What can you do when a global pandemic cuts your best-laid career plans short?
An August report in Time Magazine indicated that 40 million jobs were lost at the height of the Covid-19 pandemic, and 42 percent of them are likely gone forever. If yours counts among the lost, your best bet for finding a replacement might be to aim your career trajectory towards one of the sectors that are growing exponentially, such as artificial intelligence.
AI has increasingly made its mark on business over the last few decades. One recent report listed nine different industries that have already been, or soon will be, majorly impacted by AI — from manufacturing and transportation to education and retail. By 2022, one in five employees can expect to be partnered with AI; studies estimate that as many as 65 percent of the students currently in school will wind up taking jobs that do not exist at present.
With jobs disappearing and technological disruption steamrolling in from the horizon, companies and workers alike have been forced to ask themselves — how can they reorganize their old skillsets for an AI-savvy job market?
Upskilling is the most obvious and promising method at hand. By retraining workers for the future economy, employers ensure their employees stay ahead of the curve and maintain relevance amid the widespread disruption. If you have been furloughed, you may be able to take advantage of company-provided learning opportunities as part of your return to the office.
Amazon and AT&T, for instance, have made sizable commitments to retraining initiatives. The latter company discovered that half its 250,000 employees required STEM training before shifting to new positions.
Other companies offer education as a benefit, where they agree to pay for employees’ schooling. Amazon, for example, provides education opportunities and certification programs for employees transitioning out of the company through its Machine Learning University and further enables current workers to hone their software-development talents at Amazon Technical Academy.
Of course, many workers who have lost their jobs to the pandemic likely will not have access to corporate upskilling initiatives, nor the time and resources to go (back) to college — but that lack doesn’t leave them bereft of options.
Today, intensive academic boot camps offer working professionals the opportunity to gain marketable tech skills at a low cost within three to six months. While this type of program is best known for teaching software development, boot camps for AI adjacent sectors such as digital marketing, UX, and cybersecurity are also available.
According to recent market reports, boot camps graduated 33,959 learners in 2019 and, as of the summer of 2019, were available in no less than 71 US cities and 38 states.
Such programs are often well-regarded by employers. Seventy-two percent of hiring managers surveyed by HackerRank say that Bootcamp-trained professionals are “equally or better equipped for the job than other hires” and often have other desirable traits, such as a penchant for learning new skills quickly and an eagerness to take on new responsibilities.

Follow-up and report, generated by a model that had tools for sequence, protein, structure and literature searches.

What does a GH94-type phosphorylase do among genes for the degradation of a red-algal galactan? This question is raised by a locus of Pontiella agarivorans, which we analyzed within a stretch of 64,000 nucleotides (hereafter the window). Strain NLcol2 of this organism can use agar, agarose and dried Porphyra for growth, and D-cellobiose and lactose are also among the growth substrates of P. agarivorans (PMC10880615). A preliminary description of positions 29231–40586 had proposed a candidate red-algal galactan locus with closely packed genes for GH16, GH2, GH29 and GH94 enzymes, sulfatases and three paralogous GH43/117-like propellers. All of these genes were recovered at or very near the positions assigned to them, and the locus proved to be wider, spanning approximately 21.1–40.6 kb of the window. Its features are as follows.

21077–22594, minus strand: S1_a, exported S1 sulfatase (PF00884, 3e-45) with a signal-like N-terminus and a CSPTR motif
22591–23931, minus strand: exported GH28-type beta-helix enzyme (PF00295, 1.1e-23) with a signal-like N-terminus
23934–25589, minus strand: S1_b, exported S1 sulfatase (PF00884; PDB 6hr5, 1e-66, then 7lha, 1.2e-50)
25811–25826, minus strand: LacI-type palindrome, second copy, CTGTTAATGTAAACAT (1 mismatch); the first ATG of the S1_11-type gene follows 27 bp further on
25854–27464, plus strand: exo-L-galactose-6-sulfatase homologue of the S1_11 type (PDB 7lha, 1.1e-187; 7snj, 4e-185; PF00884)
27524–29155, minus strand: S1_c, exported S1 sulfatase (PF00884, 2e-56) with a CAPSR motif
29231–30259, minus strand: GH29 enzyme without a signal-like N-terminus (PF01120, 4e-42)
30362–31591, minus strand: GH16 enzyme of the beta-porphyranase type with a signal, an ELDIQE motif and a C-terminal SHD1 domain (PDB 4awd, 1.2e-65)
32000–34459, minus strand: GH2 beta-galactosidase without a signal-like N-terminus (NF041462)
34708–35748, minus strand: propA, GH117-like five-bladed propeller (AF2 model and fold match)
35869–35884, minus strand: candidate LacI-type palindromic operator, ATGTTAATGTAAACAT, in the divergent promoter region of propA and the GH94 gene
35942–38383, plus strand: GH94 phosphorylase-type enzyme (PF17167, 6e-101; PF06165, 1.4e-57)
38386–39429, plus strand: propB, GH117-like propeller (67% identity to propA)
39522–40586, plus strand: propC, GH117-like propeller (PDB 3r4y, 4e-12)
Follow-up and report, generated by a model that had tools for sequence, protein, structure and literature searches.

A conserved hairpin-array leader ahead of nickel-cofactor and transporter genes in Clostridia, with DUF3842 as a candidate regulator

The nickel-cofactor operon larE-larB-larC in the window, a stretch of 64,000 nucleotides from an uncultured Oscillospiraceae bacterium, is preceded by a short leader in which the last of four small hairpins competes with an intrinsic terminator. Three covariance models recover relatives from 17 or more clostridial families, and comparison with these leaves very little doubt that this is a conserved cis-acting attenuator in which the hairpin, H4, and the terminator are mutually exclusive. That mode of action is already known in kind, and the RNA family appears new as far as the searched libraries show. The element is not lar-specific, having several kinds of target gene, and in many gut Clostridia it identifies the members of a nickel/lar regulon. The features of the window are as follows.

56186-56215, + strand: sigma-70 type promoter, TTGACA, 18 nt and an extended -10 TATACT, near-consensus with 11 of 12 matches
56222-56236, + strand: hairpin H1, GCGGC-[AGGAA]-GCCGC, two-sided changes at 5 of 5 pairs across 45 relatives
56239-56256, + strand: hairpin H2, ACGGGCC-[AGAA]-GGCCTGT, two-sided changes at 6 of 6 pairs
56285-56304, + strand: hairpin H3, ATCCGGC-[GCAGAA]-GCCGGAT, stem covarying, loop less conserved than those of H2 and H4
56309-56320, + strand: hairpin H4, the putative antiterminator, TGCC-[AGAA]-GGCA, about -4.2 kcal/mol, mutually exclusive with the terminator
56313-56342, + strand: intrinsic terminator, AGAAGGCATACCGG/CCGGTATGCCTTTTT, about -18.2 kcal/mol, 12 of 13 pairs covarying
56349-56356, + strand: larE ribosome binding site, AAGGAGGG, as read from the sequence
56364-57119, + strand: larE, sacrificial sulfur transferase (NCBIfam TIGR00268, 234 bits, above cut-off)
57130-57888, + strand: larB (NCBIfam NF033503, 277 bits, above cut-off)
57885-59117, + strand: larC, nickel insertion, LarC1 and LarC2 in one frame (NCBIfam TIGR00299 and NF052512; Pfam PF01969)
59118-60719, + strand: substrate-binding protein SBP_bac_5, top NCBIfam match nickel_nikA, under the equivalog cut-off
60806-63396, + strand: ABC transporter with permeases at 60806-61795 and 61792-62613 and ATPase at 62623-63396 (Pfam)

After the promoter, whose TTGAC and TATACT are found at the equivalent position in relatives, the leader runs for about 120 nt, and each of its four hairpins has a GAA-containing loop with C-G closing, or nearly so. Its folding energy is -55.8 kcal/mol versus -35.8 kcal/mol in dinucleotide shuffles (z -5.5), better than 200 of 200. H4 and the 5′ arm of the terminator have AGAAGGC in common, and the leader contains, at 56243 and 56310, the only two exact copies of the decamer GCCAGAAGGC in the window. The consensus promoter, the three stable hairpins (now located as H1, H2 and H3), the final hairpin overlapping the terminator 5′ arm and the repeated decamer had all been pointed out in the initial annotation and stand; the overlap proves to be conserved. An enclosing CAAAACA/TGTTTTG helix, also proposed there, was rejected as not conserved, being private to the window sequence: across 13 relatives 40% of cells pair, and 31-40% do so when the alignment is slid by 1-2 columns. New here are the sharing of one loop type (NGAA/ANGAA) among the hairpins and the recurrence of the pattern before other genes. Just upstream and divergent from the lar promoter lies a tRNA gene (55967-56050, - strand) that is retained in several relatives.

While it would be overly optimistic to say that a tech boot camp could fully prepare laid-off workers for a job in AI, upskilling programs may help them reframe their skills within a more tech-friendly context.
“One of the big obstacles in a job interview, when you’re older, is that people think you’re inflexible and can’t learn new things,” Liz Beagle-Bryant, a former administrative assistant who was laid off from her job at Microsoft in 2011, told reporters for The New York Times.
While Beagle-Bryant struggled to find a new job, she eventually landed her dream role as a document control coordinator at the public transit agency Sound Transit. The key to her success? Learning to code.
“Coding gave me an edge. I developed a confidence I didn’t have before,” Beagle-Bryant explained.
As Beagle-Bryant’s experience demonstrates, not all professionals need to pivot their careers to suit a highly technical, AI-focused role. Instead, they need to obtain a sturdy foundation of technical skills and recontextualize their existing experience to do jobs that would require them to interface with AI and other highly-technical platforms.
While those entering the AI field for the first time would do well to have earned a degree in computer science or mathematics, tech giants like Apple and Google no longer see college degrees as being essential. Instead, it is a matter of having “curiosity, confidence and perseverance,” as Microsoft executive Dan Ayoub told Best Colleges, as well as adaptability to the ever-evolving field.
In other words, soft skills still matter at least as much as hard skills. The professional talents you’ve gained over a lifetime of working still have tangible value — you just need to reorganize them within a more tech-savvy skill set. Abilities like creativity, the ability to solve complex problems, and the ability to think critically will continue to be valued. Workers can gain the necessary technical skills by leveraging corporate upskilling programs, independently earning certifications, or enrolling in Bootcamp-style educations.
As significant an impact as AI is having at present, it will only grow over time. Those who grasp that — who show curiosity, confidence, and perseverance — stand to put themselves in the best possible position to work with AI in their professional careers, rather than against it. Opportunities come through change, whether we want that change or not. AI-related careers can be a strong option for those affected by Covid-19, potentially opening up even better careers in the future.